A wave of retirements among business owners over the next few years could pose a significant risk for the Canadian economy as the country undergoes the biggest transfer of economic control in its history, according to CIBC World Markets.
CIBC said half of all small- and medium-sized businesses in Canada are set to retire over the next decade, including 310,000 that plan to transfer control of their companies within the next five years.
"The economic implications of the accelerated pace at which firms are changing hands should not be underestimated," CIBC deputy chief economist Benjamin Tal said in the report issued Tuesday.
An estimated $1.9 trillion in business assets are poised to change hands in five years — the biggest transfer of Canadian business control on record, CIBC said.
And by 2022, this number will mushroom to at least $3.7 trillion as 550,000 owners exit their businesses. B.C. has the largest share of business owners planning to exit within five years, with Alberta and Quebec having the least.
"Given this magnitude, a faulty or badly executed succession planning process could have a ripple effect throughout the Canadian economy via reduced productivity, job losses, premature sales and increased bankruptcy rates," the CIBC World Market report said.
It noted that companies that will see a change ownership in the next five years currently employ close to two million people and account for at least 15 per cent of gross domestic product.
That means planning for ownership succession is no longer just a micro issue that impacts the businesses involved, but increasingly a macroeconomic issue capable of affecting the growth potential for the whole economy, the report said.
Survey after survey has shown that business owners are ill-prepared for the inevitable ownership transition that is quickly approaching.
CIBC said that close to 60 per cent of business owners aged 55 to 64 have yet to start discussing exit plans with their family or business partners.
Peter Merrick, an exit planning consultant in Toronto, said interest in succession planning has been heating up but the real crunch will come over the next seven years.
"There's a tidal wave coming," he said in an interview. "It's going to be really fast paced when the people born in 1959 get ready for retirement because that's the height of the boom."
Merrick said the key for business people is to act quickly because a flood of businesses on the market will reduce prices. That will prompt company founders to either work longer with the vast majority eventually closing their doors and walking away.
"There's lots of opportunities but the thing is it's going to be a buyer's market so if someone is contemplating getting out, it's like musical chairs — you want to choose your chair early because later on there's going to be a lot of people," said Merrick, author of "ASK: Advisors Seeking Knowledge," an industry trade book available for sale in a couple of weeks.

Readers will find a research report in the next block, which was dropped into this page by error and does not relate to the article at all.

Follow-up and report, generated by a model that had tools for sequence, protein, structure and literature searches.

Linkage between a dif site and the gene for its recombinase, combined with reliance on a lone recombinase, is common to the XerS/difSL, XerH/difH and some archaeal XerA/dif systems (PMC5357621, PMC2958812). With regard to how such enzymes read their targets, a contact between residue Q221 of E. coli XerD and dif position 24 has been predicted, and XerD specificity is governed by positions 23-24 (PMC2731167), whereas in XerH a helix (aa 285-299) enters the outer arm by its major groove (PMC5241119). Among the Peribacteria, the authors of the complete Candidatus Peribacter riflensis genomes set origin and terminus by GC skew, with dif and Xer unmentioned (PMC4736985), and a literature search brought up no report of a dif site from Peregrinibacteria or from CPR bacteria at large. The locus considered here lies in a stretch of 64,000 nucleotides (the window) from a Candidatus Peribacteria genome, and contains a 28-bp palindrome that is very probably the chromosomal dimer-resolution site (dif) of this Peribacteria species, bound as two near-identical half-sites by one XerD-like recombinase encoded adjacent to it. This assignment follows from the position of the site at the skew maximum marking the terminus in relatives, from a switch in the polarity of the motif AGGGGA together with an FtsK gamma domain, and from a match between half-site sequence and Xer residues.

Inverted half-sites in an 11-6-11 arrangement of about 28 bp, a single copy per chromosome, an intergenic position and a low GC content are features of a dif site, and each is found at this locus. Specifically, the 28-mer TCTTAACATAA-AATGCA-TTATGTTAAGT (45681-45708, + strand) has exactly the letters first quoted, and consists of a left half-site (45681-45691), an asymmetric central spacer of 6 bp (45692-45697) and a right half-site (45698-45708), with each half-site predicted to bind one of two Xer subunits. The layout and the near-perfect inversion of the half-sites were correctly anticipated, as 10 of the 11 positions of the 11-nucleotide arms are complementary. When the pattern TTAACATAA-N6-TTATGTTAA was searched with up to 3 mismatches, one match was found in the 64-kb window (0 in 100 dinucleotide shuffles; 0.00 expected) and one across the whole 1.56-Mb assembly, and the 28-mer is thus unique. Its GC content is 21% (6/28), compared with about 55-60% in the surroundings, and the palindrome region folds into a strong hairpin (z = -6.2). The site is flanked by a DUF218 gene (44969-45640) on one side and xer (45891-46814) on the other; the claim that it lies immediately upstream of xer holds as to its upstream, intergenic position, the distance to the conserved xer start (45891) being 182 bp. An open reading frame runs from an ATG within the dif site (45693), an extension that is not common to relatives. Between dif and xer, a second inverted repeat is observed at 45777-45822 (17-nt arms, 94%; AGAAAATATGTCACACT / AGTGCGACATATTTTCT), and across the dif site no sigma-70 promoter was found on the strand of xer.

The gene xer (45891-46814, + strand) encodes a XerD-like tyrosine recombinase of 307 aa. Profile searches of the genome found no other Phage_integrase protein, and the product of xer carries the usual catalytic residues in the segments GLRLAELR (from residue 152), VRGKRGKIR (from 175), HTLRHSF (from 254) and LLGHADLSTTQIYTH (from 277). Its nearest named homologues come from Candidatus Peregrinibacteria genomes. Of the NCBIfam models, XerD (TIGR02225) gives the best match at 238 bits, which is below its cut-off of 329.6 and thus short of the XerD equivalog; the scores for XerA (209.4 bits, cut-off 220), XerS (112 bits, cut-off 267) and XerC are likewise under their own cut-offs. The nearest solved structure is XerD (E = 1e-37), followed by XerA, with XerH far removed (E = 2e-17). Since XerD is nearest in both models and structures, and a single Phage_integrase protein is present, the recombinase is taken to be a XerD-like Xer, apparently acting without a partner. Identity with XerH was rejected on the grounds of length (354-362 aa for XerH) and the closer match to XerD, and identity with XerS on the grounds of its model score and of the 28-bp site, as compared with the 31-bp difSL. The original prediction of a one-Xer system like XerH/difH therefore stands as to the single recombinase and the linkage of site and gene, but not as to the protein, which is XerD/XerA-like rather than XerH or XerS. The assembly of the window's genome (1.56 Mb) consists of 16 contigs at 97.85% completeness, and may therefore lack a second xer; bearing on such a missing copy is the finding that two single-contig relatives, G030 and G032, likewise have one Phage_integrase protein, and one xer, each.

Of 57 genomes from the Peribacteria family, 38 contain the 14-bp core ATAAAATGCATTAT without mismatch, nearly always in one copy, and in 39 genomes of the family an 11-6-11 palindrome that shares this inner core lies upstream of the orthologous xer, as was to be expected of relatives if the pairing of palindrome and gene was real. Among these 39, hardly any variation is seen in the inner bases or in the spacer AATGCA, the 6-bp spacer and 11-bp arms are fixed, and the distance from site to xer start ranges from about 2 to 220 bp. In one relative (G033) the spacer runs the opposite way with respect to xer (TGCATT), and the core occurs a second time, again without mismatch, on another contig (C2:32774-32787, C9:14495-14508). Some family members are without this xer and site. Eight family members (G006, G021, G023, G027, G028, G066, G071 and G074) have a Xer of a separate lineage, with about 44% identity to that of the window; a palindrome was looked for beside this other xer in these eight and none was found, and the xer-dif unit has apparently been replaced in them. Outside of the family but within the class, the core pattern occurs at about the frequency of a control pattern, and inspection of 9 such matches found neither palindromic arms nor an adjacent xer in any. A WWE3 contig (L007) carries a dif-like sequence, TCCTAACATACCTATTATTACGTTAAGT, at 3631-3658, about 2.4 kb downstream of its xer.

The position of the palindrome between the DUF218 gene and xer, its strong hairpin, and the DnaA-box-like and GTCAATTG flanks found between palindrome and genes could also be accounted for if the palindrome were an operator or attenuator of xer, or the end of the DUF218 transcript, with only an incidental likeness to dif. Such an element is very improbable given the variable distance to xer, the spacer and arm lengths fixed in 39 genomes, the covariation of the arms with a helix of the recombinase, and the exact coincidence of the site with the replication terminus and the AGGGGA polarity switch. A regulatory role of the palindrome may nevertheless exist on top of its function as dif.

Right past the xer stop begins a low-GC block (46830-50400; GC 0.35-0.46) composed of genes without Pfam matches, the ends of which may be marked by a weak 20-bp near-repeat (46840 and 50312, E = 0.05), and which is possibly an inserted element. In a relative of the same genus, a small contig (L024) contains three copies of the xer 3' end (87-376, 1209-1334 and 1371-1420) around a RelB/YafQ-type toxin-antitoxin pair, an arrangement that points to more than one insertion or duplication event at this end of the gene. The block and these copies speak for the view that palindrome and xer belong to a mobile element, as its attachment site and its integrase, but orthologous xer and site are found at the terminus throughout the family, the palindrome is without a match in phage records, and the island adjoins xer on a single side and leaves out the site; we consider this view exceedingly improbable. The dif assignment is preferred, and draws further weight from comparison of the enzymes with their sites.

While some entrepreneurs turn over their businesses to family or key employees, many prefer to sever ties entirely by selling to strategic, financial or private equity buyers.
Merrick said private equity firms with several trillion dollars are searching the world for opportunities to buy a private business before it becomes available to the public. With so many companies available, the selling prices tend to be cheap, averaging about four times earnings.
Several Canadian companies are looking to take advantage of the lack of succession planning to lure companies into their fold. Home renovation retailer Rona (TSX:RON) has aggressively targeted independent operators over the years to fuel its growth.
Pharmacy chain Jean Coutu (TSX:PJC.A) also tries to buy out independent pharmacy owners, many of whom are ready to retire.
Karl Moore of McGill University's Desautels Faculty of Management said he's met several university alumni in their 30s or 40s who are on the hunt for good acquisitions.
"I think there's huge opportunities for younger people who have the chutzpah to do this," he said.
But Merrick said a fundamental issue for the broader economy is that baby boomers who created the businesses have a different mindset than the generations that have followed.
"A lot of the younger people don't want to work like their parents worked to build these business. They want flex time, they want to enjoy life. They don't believe in selling their souls to this. They are very short-term sighted."
So a large potential source of buyers are immigrants. But, he said the federal government changed its investor immigration program to remove the ability of wealthy people to buy businesses in exchange for residency.
Merrick said that's a mistake. Canada should instead make a concerted effort to welcome business people willing to buy and operate Canadian businesses.